Published on 7 Jun 2016

David Cameron blasts Vote Leave campaign

Remain campaigners were told this morning: “We need to up our game.” One in the campaign said “we are starting to get to panic stations.”

The PM, barred from using Downing Street as a press conference location, clambered up on a roof next to the Savoy Hotel to let rip at the Vote Leave campaign for disparaging the experts who backed his side and for repeatedly giving the voters false information. A preppy East Coast looking family watched from their top floor balcony.

This wasn’t in the grid yesterday. It wasn’t in some Remain campaign grids as recently as this morning. It was an attempt to grab the top of the bulletins and return fire on the Leave camp, notice of intent but also a sign that the Remain team feels they’ve drifted back in the last dangerously

He talked of senior Tories including his ministers uttering “total untruths to con the people,” of speaking “nonsense,” and showing “complacency and nonchalance” about other people’s jobs.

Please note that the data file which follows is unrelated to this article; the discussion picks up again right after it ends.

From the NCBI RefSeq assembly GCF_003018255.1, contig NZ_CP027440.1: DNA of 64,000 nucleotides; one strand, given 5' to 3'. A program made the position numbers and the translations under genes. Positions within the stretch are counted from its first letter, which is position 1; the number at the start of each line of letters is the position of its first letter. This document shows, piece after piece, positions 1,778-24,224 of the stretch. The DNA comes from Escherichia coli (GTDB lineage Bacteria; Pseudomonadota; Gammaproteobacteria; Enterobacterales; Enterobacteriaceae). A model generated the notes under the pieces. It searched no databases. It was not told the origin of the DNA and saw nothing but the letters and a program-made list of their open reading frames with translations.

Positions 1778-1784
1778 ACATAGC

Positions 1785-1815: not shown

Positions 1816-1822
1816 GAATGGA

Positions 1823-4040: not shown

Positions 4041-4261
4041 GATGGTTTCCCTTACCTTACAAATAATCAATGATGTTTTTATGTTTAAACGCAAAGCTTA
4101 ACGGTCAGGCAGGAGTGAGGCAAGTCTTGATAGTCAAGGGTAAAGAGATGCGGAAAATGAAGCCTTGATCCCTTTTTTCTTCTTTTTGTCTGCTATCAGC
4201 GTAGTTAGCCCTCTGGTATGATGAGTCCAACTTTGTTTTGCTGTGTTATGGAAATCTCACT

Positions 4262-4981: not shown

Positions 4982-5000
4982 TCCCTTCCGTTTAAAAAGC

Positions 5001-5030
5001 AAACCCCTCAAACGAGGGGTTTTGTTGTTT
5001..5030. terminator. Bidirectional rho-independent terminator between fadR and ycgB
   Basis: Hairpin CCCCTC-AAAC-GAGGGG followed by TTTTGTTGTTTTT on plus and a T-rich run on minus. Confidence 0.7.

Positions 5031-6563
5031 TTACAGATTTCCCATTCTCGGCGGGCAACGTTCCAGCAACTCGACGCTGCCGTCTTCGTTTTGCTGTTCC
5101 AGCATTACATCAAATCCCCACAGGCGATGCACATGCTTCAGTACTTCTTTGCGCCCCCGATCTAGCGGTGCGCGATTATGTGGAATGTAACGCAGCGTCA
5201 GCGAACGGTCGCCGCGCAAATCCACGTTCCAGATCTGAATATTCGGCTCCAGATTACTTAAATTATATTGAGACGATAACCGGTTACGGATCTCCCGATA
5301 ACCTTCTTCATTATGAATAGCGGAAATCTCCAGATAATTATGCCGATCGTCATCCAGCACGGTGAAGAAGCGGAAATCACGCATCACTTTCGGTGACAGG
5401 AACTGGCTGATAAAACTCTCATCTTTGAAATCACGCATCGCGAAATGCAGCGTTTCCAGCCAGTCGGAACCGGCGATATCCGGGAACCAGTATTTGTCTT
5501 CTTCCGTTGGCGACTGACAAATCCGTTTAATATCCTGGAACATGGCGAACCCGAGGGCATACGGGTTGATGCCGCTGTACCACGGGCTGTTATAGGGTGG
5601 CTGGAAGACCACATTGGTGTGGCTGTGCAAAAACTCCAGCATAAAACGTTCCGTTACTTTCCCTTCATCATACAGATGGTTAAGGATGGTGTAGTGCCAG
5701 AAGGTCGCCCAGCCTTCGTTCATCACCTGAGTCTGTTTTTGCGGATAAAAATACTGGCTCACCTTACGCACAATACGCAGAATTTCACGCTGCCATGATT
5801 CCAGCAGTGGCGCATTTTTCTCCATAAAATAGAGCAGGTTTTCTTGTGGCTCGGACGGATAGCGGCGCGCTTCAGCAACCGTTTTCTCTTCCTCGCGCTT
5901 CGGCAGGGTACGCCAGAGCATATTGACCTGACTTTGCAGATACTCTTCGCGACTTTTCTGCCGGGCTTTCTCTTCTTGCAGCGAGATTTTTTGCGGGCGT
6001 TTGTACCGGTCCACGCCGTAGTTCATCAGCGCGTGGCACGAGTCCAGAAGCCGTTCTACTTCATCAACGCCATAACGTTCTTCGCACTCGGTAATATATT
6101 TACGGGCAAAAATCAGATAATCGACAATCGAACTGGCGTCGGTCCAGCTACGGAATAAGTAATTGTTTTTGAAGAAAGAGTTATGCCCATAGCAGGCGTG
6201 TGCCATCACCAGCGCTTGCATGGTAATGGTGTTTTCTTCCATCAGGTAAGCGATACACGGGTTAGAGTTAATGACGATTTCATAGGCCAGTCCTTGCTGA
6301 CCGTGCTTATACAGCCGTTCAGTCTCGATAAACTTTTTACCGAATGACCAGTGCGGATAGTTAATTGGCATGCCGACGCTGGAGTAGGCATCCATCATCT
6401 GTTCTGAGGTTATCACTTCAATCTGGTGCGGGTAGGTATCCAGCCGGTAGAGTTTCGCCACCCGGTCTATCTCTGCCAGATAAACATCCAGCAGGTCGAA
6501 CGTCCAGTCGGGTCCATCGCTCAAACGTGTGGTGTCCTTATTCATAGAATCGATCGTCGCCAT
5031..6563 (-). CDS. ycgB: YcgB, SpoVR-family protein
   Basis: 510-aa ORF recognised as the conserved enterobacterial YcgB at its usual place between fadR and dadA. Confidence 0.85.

He was asked how such people can be fit to hold ministerial office. He side-stepped that one saying they didn’t have the experience that he has negotiating at the table in Europe. But the insults were getting pretty steamy as was the humid roof garden.

Boris Johnson and Michael Gove have written to the PM saying if you think we’re just a pair of liars (my paraphrase) come out and debate us in public. I can’t see David Cameron accepting the invitation to give them more publicity.

At the heart of David Cameron’s argument today was that just about everyone you can think of amongst the world’s big institutions, friendly allies and top economic institutions is arguing on his side.

Another one popped in this week: Robert Azevedo, Director General of the World Trade Organisation. The Brazilian former diplomat says Britain could be in for an onslaught of tariffs if it leaves the EU, re-negotiating with countries the EU already has deals with could take decades.

Mr Azevedo insisted that he hadn’t been asked here by David Cameron and hadn’t had contact with No. 10 ahead of his trip but his message will be welcome there. He said that the time is not great for free trade deals and the clout of being in a bigger bloc is worth more than the nimbleness of being alone.

On a different but related note, if you’d wondered why European leaders aren’t piping up in support of David Cameron quite as much as you might’ve expected during this referendum Der Spiegel has an interesting story here.

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